How Good Nutrition Can Manage Your Child’s ADHD
There is no “miracle” cure for ADHD, but giving your child a well-balanced, nutritious diet goes a long toward helping him improve his focus and curb behavior problems. Just as most kids’ behaviors are impacted by food choices, a child with attention deficit hyperactivity disorder becomes more patient and less impulsive when eating more of certain foods, and decreasing others.
Not Sure Where to Start? Try the Elimination Method
With the elimination plan, you “start over” with a base of simple, nutritious foods, such as chicken, vegetables and non-sugary fruits. Every two weeks, you can add back one of the food categories that can be problematic. If you see a sudden, negative change in behavior, you’ll know that these ingredients should be avoided — or at least kept for special occasions.
The Power of Protein
The best way to set your ADHD child up for a more focused day at school? A protein-rich breakfast that’s also low on carbs. Alertness is bolstered by high protein foods like peanut butter energy bars, cheesy eggs, yogurt topped with nuts, sausage or bacon.
Give Omega-3s a Standing O!
Omega-3 fatty acids are something everyone can cheer about, but especially children struggling with ADHD. The crucial nutrient boosts brain function. That benefit allows for sharper focus, better perspective on stressful situations, and improved sleep. Try to serve your child three or four servings of tuna, shrimp, salmon or pollock each week. If he’s not a big fish fan, introduce walnuts, flax seeds and/or chia seeds.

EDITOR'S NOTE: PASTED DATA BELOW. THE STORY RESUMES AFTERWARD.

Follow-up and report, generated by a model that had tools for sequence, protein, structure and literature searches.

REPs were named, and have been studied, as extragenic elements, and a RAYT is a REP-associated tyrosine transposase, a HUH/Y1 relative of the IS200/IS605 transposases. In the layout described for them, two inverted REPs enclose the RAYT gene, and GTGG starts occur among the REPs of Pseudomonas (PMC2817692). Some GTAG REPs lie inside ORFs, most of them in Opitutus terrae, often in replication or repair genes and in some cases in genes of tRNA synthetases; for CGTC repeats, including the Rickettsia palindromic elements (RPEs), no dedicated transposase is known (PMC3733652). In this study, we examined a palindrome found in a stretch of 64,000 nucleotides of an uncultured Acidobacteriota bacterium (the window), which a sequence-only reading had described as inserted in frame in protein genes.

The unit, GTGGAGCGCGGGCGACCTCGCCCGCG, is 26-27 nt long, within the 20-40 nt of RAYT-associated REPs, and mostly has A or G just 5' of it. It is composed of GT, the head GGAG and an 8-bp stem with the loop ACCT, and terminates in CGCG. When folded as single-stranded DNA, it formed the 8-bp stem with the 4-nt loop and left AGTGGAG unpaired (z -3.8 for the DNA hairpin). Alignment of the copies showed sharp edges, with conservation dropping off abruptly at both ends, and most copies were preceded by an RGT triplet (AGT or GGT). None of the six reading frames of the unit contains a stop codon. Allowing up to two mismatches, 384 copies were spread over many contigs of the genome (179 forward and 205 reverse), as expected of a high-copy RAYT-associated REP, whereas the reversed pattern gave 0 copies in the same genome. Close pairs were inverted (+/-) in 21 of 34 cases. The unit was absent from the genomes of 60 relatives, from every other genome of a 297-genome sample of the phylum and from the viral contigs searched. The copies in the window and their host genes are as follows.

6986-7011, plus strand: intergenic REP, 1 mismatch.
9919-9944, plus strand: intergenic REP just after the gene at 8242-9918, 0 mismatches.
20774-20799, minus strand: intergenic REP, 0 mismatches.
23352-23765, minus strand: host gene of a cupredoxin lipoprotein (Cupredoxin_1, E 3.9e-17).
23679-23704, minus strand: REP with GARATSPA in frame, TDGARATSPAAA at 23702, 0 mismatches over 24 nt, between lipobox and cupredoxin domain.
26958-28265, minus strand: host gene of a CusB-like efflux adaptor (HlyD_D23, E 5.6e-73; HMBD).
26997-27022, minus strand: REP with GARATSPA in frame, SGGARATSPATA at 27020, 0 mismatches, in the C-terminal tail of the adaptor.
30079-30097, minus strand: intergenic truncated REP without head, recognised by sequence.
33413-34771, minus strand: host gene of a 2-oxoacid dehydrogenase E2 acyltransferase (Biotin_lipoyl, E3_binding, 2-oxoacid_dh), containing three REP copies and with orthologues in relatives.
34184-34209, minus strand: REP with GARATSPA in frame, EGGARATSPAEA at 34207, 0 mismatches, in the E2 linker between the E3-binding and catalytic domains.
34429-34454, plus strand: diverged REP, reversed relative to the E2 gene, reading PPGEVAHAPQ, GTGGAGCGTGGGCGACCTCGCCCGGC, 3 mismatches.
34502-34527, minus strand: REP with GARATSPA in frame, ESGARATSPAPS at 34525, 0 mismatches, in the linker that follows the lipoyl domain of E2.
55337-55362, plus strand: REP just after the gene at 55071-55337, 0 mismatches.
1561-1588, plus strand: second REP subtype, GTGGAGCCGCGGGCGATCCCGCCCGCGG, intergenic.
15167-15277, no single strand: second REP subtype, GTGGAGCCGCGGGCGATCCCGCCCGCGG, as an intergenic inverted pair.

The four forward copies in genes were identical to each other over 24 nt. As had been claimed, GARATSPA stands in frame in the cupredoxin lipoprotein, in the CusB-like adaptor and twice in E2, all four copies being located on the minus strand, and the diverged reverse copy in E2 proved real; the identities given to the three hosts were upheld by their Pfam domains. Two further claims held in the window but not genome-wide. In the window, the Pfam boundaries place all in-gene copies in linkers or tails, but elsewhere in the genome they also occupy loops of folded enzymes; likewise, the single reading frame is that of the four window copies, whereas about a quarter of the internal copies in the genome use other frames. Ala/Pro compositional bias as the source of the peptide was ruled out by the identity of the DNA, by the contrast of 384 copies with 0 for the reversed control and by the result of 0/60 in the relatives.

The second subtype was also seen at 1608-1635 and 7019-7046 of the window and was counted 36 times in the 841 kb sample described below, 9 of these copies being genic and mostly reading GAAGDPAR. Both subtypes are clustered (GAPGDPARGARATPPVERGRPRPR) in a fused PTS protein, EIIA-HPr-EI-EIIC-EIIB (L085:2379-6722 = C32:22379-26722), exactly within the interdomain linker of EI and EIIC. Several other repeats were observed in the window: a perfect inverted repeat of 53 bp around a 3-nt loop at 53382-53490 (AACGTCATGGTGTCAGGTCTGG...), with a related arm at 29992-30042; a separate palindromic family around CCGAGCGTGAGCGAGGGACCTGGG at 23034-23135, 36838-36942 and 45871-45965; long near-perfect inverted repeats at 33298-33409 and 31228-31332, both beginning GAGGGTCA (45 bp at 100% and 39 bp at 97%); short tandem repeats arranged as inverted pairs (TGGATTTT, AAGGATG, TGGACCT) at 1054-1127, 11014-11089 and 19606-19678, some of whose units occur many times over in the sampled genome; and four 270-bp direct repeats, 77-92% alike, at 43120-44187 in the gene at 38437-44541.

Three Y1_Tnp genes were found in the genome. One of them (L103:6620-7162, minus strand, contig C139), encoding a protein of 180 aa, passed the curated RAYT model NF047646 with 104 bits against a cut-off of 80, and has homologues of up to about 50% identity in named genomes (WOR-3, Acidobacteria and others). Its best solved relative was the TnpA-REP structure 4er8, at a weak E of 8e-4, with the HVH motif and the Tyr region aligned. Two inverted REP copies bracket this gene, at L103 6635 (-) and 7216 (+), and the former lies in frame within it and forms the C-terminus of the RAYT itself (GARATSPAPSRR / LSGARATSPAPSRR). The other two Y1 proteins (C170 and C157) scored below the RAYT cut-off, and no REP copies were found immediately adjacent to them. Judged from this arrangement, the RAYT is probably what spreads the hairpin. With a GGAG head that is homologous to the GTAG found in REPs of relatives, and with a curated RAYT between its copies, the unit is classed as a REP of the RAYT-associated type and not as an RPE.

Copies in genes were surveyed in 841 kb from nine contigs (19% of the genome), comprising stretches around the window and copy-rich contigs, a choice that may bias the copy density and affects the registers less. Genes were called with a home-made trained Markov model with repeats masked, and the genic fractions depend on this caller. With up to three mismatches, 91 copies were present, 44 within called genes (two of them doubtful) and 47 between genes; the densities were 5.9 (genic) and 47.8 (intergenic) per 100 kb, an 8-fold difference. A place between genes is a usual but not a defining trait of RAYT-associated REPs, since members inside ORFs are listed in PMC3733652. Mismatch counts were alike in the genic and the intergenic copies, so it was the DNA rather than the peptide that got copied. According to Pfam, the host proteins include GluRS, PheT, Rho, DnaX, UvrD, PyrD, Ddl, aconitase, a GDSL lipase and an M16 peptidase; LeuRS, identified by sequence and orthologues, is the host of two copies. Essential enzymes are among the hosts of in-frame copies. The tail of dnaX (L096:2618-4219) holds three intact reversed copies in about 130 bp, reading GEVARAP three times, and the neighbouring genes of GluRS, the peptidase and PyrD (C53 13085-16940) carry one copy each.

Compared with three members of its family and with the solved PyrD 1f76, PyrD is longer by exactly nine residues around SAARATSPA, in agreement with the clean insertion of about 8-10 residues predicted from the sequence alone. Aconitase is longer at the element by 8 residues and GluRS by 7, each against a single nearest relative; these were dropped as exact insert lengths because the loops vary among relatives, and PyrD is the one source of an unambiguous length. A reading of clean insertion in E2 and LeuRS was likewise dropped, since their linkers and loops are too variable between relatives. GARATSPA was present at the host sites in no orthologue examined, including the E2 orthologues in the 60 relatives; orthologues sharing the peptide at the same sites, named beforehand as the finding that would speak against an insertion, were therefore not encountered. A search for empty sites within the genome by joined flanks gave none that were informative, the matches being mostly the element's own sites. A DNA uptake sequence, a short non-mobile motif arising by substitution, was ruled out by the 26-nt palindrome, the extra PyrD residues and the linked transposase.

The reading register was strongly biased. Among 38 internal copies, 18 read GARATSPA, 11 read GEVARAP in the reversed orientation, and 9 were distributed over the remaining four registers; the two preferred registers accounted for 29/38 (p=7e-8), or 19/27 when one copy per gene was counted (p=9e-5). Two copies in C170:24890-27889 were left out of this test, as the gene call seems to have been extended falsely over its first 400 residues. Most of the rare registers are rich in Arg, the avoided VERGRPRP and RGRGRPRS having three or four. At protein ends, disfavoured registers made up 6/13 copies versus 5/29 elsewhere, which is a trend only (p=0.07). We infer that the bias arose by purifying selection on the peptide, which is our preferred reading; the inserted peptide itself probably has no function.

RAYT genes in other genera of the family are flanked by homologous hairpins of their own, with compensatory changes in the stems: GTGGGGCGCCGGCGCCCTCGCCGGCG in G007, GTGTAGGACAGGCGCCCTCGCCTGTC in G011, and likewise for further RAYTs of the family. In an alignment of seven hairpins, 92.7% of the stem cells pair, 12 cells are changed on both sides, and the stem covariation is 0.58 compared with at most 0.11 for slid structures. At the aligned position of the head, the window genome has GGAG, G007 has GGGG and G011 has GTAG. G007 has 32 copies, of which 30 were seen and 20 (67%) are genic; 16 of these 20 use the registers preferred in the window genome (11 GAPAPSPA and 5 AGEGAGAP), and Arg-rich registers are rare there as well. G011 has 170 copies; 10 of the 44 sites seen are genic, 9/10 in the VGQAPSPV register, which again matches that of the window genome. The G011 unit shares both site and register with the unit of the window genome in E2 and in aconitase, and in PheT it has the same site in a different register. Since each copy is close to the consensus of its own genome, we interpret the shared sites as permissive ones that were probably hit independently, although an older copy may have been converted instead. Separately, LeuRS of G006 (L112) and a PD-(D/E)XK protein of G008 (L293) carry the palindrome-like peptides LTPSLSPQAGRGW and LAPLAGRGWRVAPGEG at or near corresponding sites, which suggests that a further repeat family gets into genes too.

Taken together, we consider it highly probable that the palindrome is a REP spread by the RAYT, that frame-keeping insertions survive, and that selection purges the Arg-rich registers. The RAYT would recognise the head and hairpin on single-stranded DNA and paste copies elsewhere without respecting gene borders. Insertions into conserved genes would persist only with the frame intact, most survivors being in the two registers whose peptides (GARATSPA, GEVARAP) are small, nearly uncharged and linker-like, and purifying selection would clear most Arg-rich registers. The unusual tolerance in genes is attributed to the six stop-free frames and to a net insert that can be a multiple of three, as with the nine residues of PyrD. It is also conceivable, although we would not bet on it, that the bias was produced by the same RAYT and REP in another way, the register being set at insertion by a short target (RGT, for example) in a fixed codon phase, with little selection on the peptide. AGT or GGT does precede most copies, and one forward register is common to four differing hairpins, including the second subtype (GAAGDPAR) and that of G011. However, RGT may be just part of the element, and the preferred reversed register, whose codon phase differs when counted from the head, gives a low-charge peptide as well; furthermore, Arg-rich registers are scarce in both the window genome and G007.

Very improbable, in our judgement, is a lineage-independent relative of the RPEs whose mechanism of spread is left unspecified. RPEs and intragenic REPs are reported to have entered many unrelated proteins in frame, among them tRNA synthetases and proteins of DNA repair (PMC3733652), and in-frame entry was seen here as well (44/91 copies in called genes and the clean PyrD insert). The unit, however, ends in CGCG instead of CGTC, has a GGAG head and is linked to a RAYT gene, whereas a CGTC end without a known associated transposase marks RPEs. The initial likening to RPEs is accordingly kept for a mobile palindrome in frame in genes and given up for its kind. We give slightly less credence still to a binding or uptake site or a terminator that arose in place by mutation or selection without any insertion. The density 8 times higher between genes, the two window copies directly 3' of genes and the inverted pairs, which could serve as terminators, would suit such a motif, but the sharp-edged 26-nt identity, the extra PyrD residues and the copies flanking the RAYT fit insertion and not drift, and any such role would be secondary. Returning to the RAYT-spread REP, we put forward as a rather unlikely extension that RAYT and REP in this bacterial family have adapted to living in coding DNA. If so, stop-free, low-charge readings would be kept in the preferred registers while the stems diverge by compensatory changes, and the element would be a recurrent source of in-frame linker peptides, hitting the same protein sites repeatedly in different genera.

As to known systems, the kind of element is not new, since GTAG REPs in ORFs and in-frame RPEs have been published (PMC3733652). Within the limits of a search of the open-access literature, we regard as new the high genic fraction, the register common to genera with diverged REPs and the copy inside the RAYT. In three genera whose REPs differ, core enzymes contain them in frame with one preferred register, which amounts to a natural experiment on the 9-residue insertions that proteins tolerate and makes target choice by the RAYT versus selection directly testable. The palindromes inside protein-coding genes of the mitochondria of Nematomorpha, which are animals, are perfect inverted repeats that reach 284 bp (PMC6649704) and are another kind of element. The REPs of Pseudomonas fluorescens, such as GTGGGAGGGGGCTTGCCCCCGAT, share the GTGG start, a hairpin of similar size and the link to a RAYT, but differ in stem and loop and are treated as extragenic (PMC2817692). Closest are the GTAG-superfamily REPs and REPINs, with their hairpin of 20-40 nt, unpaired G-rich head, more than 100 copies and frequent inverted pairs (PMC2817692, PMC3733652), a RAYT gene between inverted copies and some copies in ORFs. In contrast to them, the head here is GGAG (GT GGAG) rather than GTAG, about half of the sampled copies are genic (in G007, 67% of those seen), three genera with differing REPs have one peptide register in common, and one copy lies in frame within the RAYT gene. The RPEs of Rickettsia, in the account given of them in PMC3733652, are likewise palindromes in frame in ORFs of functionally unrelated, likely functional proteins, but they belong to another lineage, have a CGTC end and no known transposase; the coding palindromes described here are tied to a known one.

Halting That Sugar Rush
There were no Copyscape matches found. It’s hard to predict in any kid — let alone those with attention deficit problems — whether sugar will cause out-of-control energy levels. But there’s no question that a meal that’s almost completely made of sweets will lead to a crash later. That’s true even if the sweet foods are raisins or other fruits. And because research indicates that aspartame can be especially damaging to people with ADHD, artificially sweetened foods should also be avoided. If you have to serve dried fruit or desserts, make sure protein and vitamin-rich foods balance out those sugar-spiking treats.
Subtract the Additives
Artificial ingredients can wreak havoc on kids with ADHD. Studies show that added dyes and coloring dramatically spike the incidents of hyperactivity in the ADHD children who consumed them. In particular, watch out for those unrealistically-hued red and yellow snacks, cereals and drinks! In terms of other artificial ingredients, avoid hot dogs, deli meats and other foods that have nitrates, MSG and sodium benzoate on the labels.